Cinema/Chicago News

Director Spotlight: Arthur Franck On THE HYPNOTIST

From Finnish filmmaker Arthur Franck comes The Hypnotist, a transfixing Cold-War docu-thriller about Olavi Hakasalo, a.k.a Olliver Hawk, Finland’s most famous hypnotist, who might—or might not—have been a key political operative for the nation’s ruling powers. A wild ride, full of subtle contemporary echoes about the risks of populism and public manipulation, The Hypnotist charts both the rise and fall of a mysterious man and the murkiness of truth. Below, Franck gives us insight into how he chooses a documentary subject, and how Finnish, Cold War-era politics may have more to say about the world we live in today than you’d expect.

What inspired you to bring the real-life story of The Hypnotist to the screen?

For me, the process of choosing your subject and main character for a documentary is comparable to falling in love. It is hard to describe exactly how it happens and why, but in this case it was pretty much instant. A friend told me about this strange hypnotist called Olliver Hawk, who had gone through a bizarre rise and fall in Finland between the 50s and late 80s. As soon as I heard his voice in an old hypnosis recording and simultaneously found a photograph of him online, I was overcome by a conviction that I would be spending a lot of time with this man and his story. I didn’t know it would take me 4 years, but I knew an adventure had begun for sure.

You’ve been making documentaries for over a decade, how is The Hypnotist different from your previous work?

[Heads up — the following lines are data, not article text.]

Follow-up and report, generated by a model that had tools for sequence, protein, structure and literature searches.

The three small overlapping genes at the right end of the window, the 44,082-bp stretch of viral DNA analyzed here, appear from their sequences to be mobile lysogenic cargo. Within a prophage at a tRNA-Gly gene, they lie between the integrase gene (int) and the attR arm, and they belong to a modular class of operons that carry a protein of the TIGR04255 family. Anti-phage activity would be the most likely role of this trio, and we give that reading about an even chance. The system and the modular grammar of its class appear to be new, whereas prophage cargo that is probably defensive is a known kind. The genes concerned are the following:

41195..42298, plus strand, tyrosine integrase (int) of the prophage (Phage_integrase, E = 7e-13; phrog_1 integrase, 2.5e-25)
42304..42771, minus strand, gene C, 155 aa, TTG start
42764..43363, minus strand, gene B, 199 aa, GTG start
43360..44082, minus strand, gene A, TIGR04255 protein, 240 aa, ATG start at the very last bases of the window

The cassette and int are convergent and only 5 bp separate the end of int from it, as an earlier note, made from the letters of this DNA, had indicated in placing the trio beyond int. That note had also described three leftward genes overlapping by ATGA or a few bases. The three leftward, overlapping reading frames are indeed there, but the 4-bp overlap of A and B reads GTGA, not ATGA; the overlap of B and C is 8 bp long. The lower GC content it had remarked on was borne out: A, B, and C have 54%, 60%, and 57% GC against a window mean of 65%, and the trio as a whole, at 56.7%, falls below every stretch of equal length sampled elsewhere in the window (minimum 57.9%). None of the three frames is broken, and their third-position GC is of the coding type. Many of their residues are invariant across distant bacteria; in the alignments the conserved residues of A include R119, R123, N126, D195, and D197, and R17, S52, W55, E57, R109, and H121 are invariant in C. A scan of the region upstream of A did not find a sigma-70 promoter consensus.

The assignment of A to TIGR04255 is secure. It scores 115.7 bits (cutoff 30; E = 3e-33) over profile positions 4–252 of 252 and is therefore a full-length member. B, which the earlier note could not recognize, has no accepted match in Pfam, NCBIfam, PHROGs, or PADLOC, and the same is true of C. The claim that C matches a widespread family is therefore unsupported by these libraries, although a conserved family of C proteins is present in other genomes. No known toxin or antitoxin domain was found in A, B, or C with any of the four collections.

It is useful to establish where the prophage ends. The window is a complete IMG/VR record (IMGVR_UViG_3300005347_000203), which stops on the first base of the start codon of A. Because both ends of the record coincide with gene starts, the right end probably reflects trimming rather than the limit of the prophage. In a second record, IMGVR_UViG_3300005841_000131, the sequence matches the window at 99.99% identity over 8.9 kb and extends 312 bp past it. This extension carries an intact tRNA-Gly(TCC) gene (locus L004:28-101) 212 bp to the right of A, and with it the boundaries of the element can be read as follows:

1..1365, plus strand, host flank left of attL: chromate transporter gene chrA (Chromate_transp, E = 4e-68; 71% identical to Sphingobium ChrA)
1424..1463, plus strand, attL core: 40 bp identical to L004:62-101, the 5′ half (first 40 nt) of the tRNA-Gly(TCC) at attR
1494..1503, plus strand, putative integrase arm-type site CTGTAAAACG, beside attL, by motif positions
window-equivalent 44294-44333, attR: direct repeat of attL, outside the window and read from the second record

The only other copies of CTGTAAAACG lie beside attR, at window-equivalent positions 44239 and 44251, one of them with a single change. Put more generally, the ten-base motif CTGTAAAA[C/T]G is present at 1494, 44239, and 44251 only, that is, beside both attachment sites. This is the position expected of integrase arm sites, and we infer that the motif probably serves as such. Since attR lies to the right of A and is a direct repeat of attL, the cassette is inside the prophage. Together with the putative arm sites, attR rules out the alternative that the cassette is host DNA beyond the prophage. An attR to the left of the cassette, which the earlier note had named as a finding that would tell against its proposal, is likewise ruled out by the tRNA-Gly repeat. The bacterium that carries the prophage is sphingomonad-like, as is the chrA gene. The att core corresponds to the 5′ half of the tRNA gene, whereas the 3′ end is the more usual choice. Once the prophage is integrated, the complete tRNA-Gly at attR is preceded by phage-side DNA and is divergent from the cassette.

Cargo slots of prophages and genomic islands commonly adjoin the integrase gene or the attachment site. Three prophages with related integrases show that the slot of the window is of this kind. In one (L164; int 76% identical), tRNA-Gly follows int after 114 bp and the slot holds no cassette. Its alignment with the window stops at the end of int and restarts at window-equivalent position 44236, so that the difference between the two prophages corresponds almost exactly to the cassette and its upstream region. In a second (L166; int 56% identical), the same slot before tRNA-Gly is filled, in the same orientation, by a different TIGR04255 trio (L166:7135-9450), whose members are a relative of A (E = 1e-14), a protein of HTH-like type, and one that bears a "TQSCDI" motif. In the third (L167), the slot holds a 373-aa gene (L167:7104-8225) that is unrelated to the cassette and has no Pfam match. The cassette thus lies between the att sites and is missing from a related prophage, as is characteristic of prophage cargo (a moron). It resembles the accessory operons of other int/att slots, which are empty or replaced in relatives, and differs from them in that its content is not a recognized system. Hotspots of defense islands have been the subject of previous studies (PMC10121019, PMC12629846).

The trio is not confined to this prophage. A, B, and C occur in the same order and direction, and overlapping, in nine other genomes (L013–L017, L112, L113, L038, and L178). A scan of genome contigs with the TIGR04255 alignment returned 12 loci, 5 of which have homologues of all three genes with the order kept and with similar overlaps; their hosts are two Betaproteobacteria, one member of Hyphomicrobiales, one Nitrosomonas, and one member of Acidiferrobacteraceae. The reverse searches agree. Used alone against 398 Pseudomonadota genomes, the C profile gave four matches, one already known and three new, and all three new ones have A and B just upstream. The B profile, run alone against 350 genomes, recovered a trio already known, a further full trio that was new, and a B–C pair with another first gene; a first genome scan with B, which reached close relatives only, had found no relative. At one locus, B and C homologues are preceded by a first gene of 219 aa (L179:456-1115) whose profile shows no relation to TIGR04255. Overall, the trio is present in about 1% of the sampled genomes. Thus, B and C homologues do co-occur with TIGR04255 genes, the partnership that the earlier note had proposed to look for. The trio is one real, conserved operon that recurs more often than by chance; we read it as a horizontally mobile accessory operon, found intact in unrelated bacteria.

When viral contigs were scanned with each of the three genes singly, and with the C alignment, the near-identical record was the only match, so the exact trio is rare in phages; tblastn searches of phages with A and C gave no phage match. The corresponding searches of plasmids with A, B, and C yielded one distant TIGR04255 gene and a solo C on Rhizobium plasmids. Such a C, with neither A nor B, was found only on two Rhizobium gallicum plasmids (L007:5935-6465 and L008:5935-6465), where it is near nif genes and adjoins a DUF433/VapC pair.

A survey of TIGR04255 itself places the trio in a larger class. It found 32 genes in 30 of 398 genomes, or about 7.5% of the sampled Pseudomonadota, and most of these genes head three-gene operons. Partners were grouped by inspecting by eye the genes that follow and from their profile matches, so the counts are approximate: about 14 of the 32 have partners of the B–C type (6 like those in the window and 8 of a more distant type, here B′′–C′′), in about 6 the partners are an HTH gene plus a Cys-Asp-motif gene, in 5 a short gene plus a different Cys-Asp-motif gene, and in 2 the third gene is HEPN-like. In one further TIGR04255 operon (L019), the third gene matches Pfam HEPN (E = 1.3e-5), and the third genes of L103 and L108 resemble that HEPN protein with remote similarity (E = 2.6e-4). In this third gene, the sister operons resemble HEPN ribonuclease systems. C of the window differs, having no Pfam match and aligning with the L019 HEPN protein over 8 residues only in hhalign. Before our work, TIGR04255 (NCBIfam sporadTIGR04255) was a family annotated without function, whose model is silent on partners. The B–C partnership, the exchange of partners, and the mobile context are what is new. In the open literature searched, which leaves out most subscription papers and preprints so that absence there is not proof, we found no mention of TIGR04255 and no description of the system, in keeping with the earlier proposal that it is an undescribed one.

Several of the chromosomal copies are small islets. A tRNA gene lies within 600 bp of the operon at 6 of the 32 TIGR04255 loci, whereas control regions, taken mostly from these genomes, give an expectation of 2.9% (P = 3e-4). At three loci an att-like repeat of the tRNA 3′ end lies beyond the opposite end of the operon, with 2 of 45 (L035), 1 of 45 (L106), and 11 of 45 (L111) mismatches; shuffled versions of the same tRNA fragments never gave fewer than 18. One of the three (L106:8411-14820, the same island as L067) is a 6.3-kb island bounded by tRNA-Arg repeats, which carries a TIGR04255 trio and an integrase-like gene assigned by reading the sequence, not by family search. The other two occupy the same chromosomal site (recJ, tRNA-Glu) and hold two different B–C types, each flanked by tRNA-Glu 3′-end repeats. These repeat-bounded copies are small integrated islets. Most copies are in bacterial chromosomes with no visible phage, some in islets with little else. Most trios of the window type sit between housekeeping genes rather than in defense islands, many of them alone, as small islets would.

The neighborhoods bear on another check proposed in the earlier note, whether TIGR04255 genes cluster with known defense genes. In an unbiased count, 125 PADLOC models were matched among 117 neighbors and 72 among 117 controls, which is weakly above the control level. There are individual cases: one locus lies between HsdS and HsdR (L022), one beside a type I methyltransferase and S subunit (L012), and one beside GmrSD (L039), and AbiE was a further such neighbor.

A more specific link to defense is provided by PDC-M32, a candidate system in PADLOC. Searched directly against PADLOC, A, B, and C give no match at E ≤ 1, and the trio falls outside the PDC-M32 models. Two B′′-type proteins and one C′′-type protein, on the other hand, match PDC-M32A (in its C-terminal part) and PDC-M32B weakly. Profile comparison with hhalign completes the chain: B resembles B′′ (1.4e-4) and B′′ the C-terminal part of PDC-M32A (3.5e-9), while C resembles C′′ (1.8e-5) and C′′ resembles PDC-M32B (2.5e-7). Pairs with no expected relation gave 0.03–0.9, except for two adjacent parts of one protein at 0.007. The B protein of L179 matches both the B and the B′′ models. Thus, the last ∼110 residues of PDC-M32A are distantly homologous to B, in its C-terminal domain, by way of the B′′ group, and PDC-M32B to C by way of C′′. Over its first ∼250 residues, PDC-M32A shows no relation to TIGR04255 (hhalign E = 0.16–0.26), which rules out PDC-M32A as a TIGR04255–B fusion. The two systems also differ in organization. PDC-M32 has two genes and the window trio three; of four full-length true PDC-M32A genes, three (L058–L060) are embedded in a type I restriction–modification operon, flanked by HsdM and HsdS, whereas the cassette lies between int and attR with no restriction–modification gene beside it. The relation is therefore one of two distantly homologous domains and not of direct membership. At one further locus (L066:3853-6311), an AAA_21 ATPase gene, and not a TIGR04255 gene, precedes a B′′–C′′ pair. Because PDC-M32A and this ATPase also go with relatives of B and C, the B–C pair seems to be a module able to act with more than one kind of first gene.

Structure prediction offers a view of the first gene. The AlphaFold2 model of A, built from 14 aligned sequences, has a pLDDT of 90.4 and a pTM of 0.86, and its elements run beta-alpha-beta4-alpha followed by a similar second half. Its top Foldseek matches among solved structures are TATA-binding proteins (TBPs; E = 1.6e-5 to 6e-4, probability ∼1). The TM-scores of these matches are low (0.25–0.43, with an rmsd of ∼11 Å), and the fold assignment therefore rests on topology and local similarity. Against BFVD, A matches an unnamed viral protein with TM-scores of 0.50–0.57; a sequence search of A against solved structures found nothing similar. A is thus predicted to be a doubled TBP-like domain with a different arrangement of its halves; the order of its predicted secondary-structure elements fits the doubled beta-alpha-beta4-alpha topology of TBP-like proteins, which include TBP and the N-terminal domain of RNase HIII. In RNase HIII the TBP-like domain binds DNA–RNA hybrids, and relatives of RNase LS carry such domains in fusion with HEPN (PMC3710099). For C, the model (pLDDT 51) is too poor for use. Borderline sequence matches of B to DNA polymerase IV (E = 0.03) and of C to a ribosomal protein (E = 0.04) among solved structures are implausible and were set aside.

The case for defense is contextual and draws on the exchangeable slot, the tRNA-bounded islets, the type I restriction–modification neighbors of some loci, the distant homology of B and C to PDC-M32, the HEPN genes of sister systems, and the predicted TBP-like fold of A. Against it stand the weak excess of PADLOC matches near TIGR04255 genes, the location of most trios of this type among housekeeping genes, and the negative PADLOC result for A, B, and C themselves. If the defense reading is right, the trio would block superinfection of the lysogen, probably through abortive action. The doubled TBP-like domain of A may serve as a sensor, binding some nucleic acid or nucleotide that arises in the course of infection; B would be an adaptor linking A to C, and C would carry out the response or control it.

It is different mainly in terms of scope and ambition, since it is my first feature-length film. I had experimented with themes that are explored in The Hypnotist in some of my previous films, such as the complexities of multiple “truths,” self-mythologising, and the overlap between real life and performance. But in The Hypnotist I had a main character that allowed me to go deeper into those themes.

Though historical, does The Hypnotist speak to contemporary society and concerns?

While editing the film, we began to realize how many aspects of the story are in direct dialogue
with some of the things we see happening in society, especially in politics, today. This was not
our intent from the start, but what often happens is that the film starts to tell you in which
direction it needs to go, and as a filmmaker, one must be sensitive to those signals and follow
them down the rabbit hole. So, populism ended up becoming an important element in the story.

How have audiences responded to your film?

Really well so far, at least that is what they tell me. People are so polite that I don’t know if I can trust them.

What excites you about bringing your film to the Chicago International Film Festival?

I’ve never been to Chicago before, and I’m bringing my wife and kids along for the ride which is very exciting. I’m really looking forward to hearing what the Chicago audience thinks of the film and meeting new people.

What other films are you excited to see at the festival?

My Father and Me by Nick Broomfield is for sure something I look forward to. Lauren Greenfield’s film The Kingmaker is also high on my list, as is Love Child by Eva Mulvad.

What do you hope audiences take away from The Hypnotist?

That’s a hard question. I hope they have fun with it, and maybe walk away with some insight
into Finnish Cold War politics.

 

The Hypnotist screens Tue, Oct 22 @ 8:30 pm and Wed, Oct 23 @ 1:00 pm with Arthur Franck in attendance. Buy tickets here!

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